The Ahmed Kathrada Foundation welcomes Archbishop Desmond Tutu’s nomination of imprisoned Palestinian leader, Marwan Barghouthi, for the Nobel Peace Prize.

Tutu, a Nobel Laureate, this week wrote to the Norway Nobel Committee, nominating the ‘Palestinian Mandela’ for the 2017 award. He called on the committee to “seize this occasion to bring attention back to the question of Palestine and to the calls for a just and lasting peace, a prospect Marwan Barghouthi continues advocating and acting for, despite years of imprisonment and isolation.”

He added that his nomination of Barghouthi “constitutes a clear signal of support for the realisation of the Palestinian people’s inalienable rights, including to self-determination.”

The Kathrada Foundation’s Director, Neeshan Balton, said that the nomination by Tutu and fellow Nobel Laureate, Adolfo Perez Esquivel, held significant weight. “When individuals of this calibre make such a call, it not only reiterates the faith that Palestinians and members of the international community have in Barghouthi, but puts Israel’s occupation and the imprisonment of thousands of Palestinians, back in the spotlight.”

Several Nobel Laureates, including Tutu, have supported the international campaign for the release of Barghouthi and all Palestinian political prisoners, launched by anti-apartheid struggle veteran Ahmed Kathrada and Barghouthi’s wife, Fadwa, on Robben Island in 2013. Barghouthi was the first Palestinian parliamentarian to be arrested by Israel in 2002 and was sentenced to a lifetime in prison.

His nomination for the Nobel Peace Prize has been supported by Belgian parliamentarians. Furthermore, the Tunisian Quartet, who was granted the Nobel Peace Prize in 2015, recently dedicated their award to Barghouthi.

“Irrespective of what Barghouthi has been charged for by the Israeli apartheid state, he is key to Palestinian unity, and to negotiating a peaceful settlement. Mandela was labelled a terrorist and was sentenced to life imprisonment. He was however, central to South Africa’s transition from apartheid to democracy. Barghouthi’s release, together with that of all Palestinian political prisoners, will signal Israel’s willingness to negotiate a peaceful settlement,” Balton said.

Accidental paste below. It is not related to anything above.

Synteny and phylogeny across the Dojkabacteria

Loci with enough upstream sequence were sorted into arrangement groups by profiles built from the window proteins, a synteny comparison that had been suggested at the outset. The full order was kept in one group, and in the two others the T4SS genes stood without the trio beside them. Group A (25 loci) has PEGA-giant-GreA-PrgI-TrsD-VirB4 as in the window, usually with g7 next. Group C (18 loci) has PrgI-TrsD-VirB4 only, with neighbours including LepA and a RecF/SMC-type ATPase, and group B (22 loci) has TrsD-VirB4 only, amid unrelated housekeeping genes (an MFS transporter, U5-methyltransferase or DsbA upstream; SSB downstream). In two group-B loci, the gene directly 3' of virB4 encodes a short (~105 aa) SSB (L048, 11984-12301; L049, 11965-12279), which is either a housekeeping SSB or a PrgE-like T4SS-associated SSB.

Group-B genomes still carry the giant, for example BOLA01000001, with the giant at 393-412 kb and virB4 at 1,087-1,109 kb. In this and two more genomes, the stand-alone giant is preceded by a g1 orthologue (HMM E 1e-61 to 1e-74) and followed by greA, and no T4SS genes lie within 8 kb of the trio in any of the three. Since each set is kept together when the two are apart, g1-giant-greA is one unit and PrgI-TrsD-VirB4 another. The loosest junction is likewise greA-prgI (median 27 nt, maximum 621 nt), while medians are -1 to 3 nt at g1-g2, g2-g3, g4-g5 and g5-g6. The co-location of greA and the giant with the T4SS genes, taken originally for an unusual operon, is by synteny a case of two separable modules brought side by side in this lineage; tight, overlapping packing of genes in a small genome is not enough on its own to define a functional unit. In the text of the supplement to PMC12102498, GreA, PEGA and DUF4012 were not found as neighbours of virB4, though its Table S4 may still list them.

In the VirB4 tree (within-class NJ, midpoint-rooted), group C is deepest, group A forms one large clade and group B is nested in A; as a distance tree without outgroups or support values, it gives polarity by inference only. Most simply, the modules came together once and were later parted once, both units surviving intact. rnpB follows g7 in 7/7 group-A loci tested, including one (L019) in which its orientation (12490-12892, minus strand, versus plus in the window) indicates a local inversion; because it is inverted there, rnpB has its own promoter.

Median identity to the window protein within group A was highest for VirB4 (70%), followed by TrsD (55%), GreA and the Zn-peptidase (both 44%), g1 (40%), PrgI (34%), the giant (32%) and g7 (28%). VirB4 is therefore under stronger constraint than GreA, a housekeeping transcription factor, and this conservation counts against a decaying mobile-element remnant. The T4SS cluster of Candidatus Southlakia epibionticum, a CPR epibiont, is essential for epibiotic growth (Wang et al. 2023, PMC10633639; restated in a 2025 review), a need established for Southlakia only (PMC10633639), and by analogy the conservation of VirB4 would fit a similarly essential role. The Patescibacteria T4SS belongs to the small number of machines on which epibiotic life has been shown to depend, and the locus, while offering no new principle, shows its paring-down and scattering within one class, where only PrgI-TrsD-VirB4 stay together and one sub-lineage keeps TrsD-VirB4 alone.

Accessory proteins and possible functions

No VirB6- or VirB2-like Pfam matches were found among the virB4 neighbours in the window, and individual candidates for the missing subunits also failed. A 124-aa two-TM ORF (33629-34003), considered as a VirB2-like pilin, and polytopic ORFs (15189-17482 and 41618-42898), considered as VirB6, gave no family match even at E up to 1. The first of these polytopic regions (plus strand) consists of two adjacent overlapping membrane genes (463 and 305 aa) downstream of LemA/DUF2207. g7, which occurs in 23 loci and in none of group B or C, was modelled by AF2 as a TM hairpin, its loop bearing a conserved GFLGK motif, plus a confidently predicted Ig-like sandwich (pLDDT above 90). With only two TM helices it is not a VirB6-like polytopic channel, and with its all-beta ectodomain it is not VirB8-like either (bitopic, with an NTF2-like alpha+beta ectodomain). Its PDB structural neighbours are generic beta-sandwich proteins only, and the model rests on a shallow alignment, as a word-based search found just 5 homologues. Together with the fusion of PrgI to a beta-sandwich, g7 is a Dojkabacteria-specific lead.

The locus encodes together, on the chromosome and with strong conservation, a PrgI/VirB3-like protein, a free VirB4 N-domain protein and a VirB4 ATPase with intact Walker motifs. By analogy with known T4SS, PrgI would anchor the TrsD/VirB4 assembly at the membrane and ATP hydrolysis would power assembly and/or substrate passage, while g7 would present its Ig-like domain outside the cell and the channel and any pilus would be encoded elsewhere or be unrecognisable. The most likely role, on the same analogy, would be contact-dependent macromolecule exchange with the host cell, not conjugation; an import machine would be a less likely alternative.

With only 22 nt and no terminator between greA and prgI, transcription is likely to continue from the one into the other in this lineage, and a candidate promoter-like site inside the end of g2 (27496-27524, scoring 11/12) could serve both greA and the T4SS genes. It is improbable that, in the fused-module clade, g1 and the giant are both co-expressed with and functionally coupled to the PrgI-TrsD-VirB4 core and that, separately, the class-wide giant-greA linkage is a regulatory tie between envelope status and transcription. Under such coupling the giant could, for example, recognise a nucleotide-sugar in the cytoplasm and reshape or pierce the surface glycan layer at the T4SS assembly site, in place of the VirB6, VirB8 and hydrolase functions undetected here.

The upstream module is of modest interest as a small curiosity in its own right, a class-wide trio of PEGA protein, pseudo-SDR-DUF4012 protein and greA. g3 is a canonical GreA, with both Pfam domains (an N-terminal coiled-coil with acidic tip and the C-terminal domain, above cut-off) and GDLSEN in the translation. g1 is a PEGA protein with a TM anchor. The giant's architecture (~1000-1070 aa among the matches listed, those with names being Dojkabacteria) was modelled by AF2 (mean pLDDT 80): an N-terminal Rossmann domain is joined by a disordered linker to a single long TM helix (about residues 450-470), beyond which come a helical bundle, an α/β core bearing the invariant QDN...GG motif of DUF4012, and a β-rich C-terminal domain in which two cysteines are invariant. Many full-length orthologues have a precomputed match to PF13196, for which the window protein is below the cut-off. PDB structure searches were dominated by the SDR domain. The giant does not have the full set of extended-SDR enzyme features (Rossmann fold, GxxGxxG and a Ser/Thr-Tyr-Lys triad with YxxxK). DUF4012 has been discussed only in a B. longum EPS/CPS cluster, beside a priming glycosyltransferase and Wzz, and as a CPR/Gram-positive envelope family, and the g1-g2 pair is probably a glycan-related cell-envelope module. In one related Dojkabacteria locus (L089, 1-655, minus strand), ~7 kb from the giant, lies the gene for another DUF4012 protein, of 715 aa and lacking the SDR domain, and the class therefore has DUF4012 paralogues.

His views were echoed by Kathrada, who added that Tutu was well-known as being a global “moral compass”. “Comrade Arch, as I call him, has dedicated his life to the principles of peace, justice and reconciliation. Tutu knew, as did most South Africans prior to democracy, that the freedom of Mandela and all political prisoners was the only way to negotiating peace in in the country. So when this ‘moral-compass’ nominates Barghouthi for the highest international accolade, it should be celebrated and supported by all peace loving individuals. Only those who support occupation, injustice and apartheid, would dare to differ.”

Tutu, in his letter, elaborated on Barghouthi’s role a figure of peace in the region: “Marwan Barghouthi has fought for freedom and peace and has formulated the correlation between these two struggles by stating that the last day of this Israeli occupation will be the first day of peace. He has drafted from behind bars the prisoners’ document signed by Palestinian leaders from across the political spectrum, which constitutes till today a basis for the efforts towards national reconciliation enjoying wide national consensus, as well as a political programme to achieve unity, freedom and peace.”

He further noted that Barghouthi was a “defender of democracy and human rights, including women rights, and of pluralism, both religious and political”.

“Comrade Arch has very aptly stated that if Marwan receives the Nobel Peace Prize, it will bring us ‘closer to the day this holy land…can stop being a living testimony of injustice and impunity, occupation and apartheid, and can finally be a beacon of freedom, hope and peace’. I would urge the Nobel Committee to seriously consider these nominations and not be hindered or influenced by those who seek to perpetuate and continue the occupation of Palestine,” Kathrada said.

(Archbishop Tutu’s full letter can be found here.)



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